China reported recently a whopping 84 percent drop in the furniture export in Q1 2020 compared to the same period in 2019. That is really very worrying since China is by far the largest exporter of wood products.
This enormous drop is not just because of COVID-19, but also as a result of the ongoing trade-war between the US and China. Part of the trade sanctions were relaxed by President Trump earlier this year, but it seems that he, and many other nations, might impose new sanctions on China since they blame China for the start of the pandemic.
The export of wood products in South East Asia in Q1 is not as badly affected like in China but it surely will turn worse in Q2 as many manufacturers report loss of business.
All Malaysian factories have been closed since mid-March and started to reopen mid-May. Factories in Indonesia, Thailand and Vietnam were allowed to continue operating as there were no nation-wide imposed closures. But most of them reported cancelled or delayed export orders and many factories have reduced production, laid-off personnel or sent them home at lesser pay. Some have closed completely.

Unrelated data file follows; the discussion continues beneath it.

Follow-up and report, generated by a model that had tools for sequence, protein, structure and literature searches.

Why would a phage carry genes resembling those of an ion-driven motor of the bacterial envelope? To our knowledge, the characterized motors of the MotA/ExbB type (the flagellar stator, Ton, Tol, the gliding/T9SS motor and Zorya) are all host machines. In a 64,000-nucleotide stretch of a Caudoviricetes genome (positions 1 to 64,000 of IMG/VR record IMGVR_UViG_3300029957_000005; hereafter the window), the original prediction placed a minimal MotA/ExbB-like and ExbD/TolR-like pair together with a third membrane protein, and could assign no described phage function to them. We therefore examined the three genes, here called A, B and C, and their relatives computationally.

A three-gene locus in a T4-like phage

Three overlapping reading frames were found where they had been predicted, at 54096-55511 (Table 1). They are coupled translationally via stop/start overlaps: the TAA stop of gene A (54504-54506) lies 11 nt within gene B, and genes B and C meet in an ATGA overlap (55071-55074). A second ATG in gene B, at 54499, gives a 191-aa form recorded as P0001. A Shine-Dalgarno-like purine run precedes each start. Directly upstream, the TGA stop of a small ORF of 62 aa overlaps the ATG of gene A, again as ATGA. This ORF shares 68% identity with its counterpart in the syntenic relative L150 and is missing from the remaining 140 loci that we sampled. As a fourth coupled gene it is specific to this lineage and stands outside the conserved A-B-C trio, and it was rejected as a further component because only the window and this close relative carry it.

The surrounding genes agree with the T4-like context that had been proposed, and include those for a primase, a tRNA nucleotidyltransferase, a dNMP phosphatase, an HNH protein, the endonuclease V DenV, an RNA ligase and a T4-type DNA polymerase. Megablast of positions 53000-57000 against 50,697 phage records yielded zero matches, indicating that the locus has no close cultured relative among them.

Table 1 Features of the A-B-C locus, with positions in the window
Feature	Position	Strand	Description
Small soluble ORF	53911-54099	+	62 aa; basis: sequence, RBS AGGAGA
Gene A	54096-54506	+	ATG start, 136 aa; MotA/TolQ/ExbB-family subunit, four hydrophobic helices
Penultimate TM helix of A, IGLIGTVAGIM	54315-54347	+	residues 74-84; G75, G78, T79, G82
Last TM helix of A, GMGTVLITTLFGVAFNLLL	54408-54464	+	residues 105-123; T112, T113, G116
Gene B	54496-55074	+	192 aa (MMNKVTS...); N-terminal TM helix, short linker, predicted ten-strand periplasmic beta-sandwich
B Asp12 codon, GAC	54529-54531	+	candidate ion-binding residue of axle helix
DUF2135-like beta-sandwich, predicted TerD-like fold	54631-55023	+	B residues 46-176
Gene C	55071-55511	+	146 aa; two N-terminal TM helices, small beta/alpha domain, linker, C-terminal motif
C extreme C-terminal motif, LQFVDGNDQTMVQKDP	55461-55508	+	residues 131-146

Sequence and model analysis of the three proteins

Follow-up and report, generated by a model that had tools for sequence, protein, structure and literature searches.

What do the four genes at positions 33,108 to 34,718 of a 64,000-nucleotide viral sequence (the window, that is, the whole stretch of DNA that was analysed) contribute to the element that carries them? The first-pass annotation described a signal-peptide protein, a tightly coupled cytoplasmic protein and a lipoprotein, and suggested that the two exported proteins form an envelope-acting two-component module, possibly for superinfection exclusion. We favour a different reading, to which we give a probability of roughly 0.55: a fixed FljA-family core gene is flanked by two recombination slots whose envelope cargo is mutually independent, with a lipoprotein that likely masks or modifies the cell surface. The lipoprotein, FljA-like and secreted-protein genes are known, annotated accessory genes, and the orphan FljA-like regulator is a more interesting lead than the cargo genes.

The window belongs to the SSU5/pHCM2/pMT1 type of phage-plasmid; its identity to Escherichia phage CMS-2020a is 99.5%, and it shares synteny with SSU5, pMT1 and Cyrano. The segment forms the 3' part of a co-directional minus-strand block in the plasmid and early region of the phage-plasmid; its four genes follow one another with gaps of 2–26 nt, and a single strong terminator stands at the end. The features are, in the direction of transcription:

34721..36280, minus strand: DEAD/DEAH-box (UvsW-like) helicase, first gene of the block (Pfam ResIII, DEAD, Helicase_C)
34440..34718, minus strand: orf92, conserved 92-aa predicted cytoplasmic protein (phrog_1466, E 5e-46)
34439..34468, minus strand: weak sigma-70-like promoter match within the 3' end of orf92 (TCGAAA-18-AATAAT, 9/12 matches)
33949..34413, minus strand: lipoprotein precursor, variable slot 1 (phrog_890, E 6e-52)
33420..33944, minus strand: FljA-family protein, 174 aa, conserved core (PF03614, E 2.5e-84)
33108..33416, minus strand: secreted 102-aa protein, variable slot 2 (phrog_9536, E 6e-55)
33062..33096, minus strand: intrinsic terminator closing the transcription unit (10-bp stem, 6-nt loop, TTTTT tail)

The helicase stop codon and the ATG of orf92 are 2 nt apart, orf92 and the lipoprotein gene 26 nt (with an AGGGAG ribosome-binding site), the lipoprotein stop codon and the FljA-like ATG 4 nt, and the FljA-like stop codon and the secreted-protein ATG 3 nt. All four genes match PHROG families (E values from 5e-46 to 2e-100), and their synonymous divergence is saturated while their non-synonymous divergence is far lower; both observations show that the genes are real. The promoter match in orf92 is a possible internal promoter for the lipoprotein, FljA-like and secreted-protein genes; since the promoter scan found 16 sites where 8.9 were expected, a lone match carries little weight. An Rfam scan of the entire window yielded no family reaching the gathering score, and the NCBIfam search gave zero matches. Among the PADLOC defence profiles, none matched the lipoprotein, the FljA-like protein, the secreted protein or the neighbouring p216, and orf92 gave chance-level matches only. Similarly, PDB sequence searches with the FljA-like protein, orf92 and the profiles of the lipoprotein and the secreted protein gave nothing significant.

Most a few factory owners I spoke to told me that they do not expect business to return to pre-COVID-19 levels soon and mentioned that business will remain slow for at least 1 to 2 years. Some even mentioned that they would consider remain closed because they don’t foresee any profitable business in the near future.
Maybe this needs to happen; the supply of wooden products has grown too fast (especially in Vietnam) and this competition has resulted in an erosion of product prices whereas raw materials and many other costs kept rising. The profit margins have become too low to sustain business in difficult times!
The latest news is that President Trump is considering imposing trade sanctions on some Vietnamese goods because, it seems, Vietnam has been a willing partner selling Chinese made goods to the US, but transshipped via Vietnam to avoid the trade-war sanctions.
It seems like we are in for very turbulent times; better sit tight and focus on cash-flow, reduced costs and customer retention if you want to survive.
See you next year…or not?